In fairness, the deck was stacked against the Defender.
The return of the Land Rover Defender to U.S. shores was a long time coming. We aren’t just talking about the nearly 25-year absence since the old model departed the scene. The new Defender debuted last September, but deliveries in the States didn’t begin until just last month. With models now at dealerships, comparisons are popping up and this old-versus-new video from The Fast Lane Car is quite interesting.
In this case, old-versus-new isn't a Defender-versus-Defender showdown. The test features a 2006 Discovery LR3, which looks quite similar to the new Defender when parked side-by-side. There are other similarities too, namely a unibody design, an air suspension system, and plenty of power under the hood. The Defender holds a distinct advantage with its boosted inline-six making 395 horsepower (295 kilowatts) versus 300 hp (224 kW) for the old LR3 and its 4.4-liter V8. However, the Disco rides on meaty, oversize off-road tires compared to tame all-terrain rubber on the Defender. And we know how important tires are for extreme off-roading.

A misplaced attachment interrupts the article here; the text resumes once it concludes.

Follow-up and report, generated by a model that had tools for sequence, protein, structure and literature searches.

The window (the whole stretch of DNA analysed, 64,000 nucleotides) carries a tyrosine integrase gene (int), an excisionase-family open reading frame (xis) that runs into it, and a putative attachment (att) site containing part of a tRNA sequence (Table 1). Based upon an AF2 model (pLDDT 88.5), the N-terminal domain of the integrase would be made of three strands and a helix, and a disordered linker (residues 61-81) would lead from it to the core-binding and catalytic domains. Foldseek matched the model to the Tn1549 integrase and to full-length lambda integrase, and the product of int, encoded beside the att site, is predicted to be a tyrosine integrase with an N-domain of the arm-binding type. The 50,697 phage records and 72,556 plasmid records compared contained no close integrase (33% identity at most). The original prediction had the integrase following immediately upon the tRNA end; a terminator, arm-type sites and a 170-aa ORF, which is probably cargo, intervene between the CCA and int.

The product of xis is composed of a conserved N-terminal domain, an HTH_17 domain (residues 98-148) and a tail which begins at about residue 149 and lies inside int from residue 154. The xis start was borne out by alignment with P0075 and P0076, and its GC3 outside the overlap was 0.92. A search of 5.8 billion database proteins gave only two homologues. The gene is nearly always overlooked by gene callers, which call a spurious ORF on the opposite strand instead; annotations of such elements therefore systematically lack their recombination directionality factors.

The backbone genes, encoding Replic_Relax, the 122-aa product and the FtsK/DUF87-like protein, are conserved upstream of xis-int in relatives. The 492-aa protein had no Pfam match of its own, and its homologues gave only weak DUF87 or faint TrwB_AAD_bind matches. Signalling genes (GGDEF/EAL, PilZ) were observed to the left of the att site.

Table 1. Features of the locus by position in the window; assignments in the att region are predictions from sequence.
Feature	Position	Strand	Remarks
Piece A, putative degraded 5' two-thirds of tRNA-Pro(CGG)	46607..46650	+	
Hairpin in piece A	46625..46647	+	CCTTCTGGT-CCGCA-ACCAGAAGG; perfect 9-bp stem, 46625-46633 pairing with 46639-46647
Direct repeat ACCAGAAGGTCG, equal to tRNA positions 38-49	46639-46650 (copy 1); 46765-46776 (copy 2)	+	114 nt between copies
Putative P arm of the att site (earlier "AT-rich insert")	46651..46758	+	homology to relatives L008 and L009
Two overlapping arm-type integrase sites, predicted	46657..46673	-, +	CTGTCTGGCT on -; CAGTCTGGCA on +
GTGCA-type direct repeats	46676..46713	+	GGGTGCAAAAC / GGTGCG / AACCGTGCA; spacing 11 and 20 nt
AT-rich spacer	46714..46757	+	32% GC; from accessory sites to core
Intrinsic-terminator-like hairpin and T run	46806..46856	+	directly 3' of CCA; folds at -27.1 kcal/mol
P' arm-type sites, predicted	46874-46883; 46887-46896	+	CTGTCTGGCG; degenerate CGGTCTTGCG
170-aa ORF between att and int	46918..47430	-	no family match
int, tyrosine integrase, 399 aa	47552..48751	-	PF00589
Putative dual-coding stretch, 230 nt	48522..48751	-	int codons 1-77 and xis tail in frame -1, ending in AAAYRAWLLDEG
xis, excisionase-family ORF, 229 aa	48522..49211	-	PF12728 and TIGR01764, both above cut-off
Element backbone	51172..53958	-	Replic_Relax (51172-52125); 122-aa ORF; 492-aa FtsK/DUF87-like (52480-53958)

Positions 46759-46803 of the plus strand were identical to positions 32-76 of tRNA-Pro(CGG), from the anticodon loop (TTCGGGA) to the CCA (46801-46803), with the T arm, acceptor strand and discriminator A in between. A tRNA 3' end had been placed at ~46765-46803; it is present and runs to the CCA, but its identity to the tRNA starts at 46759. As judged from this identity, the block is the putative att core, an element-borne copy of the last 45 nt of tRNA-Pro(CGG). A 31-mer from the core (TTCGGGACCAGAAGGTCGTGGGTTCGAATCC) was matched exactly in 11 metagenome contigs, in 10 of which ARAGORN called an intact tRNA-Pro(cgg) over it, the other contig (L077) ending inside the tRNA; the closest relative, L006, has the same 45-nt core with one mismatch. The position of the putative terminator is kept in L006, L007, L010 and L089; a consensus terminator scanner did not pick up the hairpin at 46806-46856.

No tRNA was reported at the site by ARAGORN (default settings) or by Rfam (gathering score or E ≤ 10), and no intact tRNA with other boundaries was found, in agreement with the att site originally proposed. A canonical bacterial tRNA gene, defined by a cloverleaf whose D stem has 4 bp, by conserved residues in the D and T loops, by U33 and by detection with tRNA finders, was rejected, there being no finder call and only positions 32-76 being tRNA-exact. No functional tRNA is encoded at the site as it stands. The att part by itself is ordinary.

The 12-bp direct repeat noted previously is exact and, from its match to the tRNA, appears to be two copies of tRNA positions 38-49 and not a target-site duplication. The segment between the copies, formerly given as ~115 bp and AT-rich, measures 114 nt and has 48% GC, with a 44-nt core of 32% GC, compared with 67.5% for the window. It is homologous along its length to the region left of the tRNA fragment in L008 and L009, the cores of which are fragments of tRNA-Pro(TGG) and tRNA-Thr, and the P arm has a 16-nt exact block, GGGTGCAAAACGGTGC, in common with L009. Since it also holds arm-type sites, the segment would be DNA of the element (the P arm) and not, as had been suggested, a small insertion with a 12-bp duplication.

Speaking of which, this Land Rover contest takes place in Colorado at the Ironclads, a popular trail that offers plenty of challenges for mild and wild off-roaders. The race is simple – both Land Rovers make a circle of the trail with the winner being the first one back to the start-finish line. Since there are multiple paths to take, the trail offers plenty of opportunities for passing.
Gallery: 2020 Land Rover Defender: First Drive
As you might expect from a video such as this, there are some good-natured shenanigans afoot. We suspect some of the action was planned ahead of time, as the new Defender generally takes the easier (but longer) path while the Discovery goes three-wheeling over rocks. It’s no surprise, then, to see the Discovery win this contest.
However, the Defender featured here wasn’t a media vehicle, but a demonstrator from a local dealership. As such, care was obviously taken to not put the Defender in harm’s way, and we can totally understand that. Even if it was a personally owned vehicle, you’re still talking about a new $50,000 machine versus a 14-year-old, well-used off-roader valued at roughly $5,000. Like it or not, an owner is less likely to take risks with a new-and-expensive machine, that doesn’t mean it’s any less capable.
In short, there’s much to love about the new Defender. However, if the price point is way out of your budget, going older school with a used Discovery should still get you everywhere the Defender can take you.